Tuesday, September 25, 2007

Amazon MP3 Store: great news for Apple customers

Amazon's MP3 store is a smash hit among OS X gurus like Gruber:
Daring Fireball: The Amazon MP3 Store and Amazon MP3 Downloader

...The songs sound great and come with high-resolution album art. Singles cost $.89 or $.99, and album prices start as low as $4.99 — i.e. they’ve introduced variable pricing to sell music for less, not more, than the iTunes Store. When you search for songs from an artist whose entire catalog is not available through their MP3 store, Amazon provides a direct link to the artist’s catalog in their CD store. Two million total songs is far less than the six million Apple offers at the iTunes Store, but it’s a pretty good start, and all of Amazon MP3’s songs are DRM-free. I’m not sure how many DRM-free iTunes Plus tracks Apple offers, but it certainly seems like far fewer than one-in-three, and thus far fewer than two million. So while Amazon can’t claim to offer the most songs, they might be able to claim the most DRM-free songs. In just a few minutes of shopping, I found plenty of songs at Amazon that are only available from the iTunes Store with DRM. Given the Amazon MP3 Store’s audio quality, prices, and user experience, I can’t see why anyone would buy DRM-restricted music from iTunes that’s available from Amazon. And given that Amazon is quite a bit cheaper than iTunes Plus, you might as well check Amazon first. I plan to...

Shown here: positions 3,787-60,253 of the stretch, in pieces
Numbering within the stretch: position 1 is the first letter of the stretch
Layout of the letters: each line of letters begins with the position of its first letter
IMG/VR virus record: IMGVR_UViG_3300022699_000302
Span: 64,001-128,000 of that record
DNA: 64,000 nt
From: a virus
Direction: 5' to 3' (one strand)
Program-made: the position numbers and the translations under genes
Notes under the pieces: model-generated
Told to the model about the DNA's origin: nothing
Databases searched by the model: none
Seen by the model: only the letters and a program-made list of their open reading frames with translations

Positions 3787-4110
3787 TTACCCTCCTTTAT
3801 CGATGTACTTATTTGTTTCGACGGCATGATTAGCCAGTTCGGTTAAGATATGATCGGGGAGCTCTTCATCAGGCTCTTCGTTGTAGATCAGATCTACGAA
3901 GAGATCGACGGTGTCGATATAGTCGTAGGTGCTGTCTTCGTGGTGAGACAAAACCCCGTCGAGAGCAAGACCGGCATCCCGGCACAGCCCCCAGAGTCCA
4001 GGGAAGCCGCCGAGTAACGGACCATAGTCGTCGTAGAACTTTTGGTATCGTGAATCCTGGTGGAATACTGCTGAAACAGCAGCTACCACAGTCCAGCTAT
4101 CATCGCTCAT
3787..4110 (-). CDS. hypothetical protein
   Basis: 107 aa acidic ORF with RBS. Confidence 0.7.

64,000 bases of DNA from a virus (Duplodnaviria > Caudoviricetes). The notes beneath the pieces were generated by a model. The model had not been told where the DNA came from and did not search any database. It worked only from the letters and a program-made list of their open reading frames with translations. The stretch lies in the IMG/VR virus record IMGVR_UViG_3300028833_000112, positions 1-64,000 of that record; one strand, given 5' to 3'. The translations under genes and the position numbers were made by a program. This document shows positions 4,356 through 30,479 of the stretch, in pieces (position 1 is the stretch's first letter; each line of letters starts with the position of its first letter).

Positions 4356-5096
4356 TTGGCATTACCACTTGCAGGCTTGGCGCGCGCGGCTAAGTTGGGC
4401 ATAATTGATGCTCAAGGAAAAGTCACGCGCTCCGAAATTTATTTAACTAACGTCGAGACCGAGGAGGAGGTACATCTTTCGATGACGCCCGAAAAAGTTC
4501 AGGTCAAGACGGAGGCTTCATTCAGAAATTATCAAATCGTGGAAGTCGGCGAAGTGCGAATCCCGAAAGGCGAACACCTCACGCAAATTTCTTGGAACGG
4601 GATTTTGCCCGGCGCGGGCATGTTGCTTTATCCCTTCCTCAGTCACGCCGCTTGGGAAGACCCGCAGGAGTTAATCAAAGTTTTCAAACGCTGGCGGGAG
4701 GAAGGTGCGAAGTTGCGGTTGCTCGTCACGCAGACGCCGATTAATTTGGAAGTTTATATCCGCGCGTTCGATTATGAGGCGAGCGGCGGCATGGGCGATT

Hallelujah. Amazon's not messing about, they launched this for OS X and Windows simultaneously. At last, Apple has very serious competition.

Of course since Amazon's tunes work perfectly with iPods, it's not going to hurt Apple's revenue stream all that much. I wouldn't be surprised to see Apple's share price fall a bit then recover as investors realize Amazon's play is poison for Microsoft's strategy.

The joy of it is that it will make Apple work harder to keep its customers happy, and it will strengthen the anti-DRM solution.

Now, just wait until Gruber realizes that Amazon has embedded a unique identifier in each song that they can connect back to his credit card* ....

* How do I know this? I don't. I'd bet on it though. I'm sure Apple does the same sort of thing with their non-DRMd tunes, I even expect that an AAC you burn from a CD using iTunes contains some sort of embedded identifier.

Update 9/26/07: I'm 99% sure John Gruber doesn't read this obscure blog, but shortly after I worte of the "Amazon unique identifier" he told us that while Apple embeds an identifier (which happens to resemble an email address but is tied to credit card identification) in their DRM-free downloads Amazon, in the NYT, says they don't (!). Well, gee, I was wrong. That's never happened before :-). Gruber has an essay on the broader implications too.

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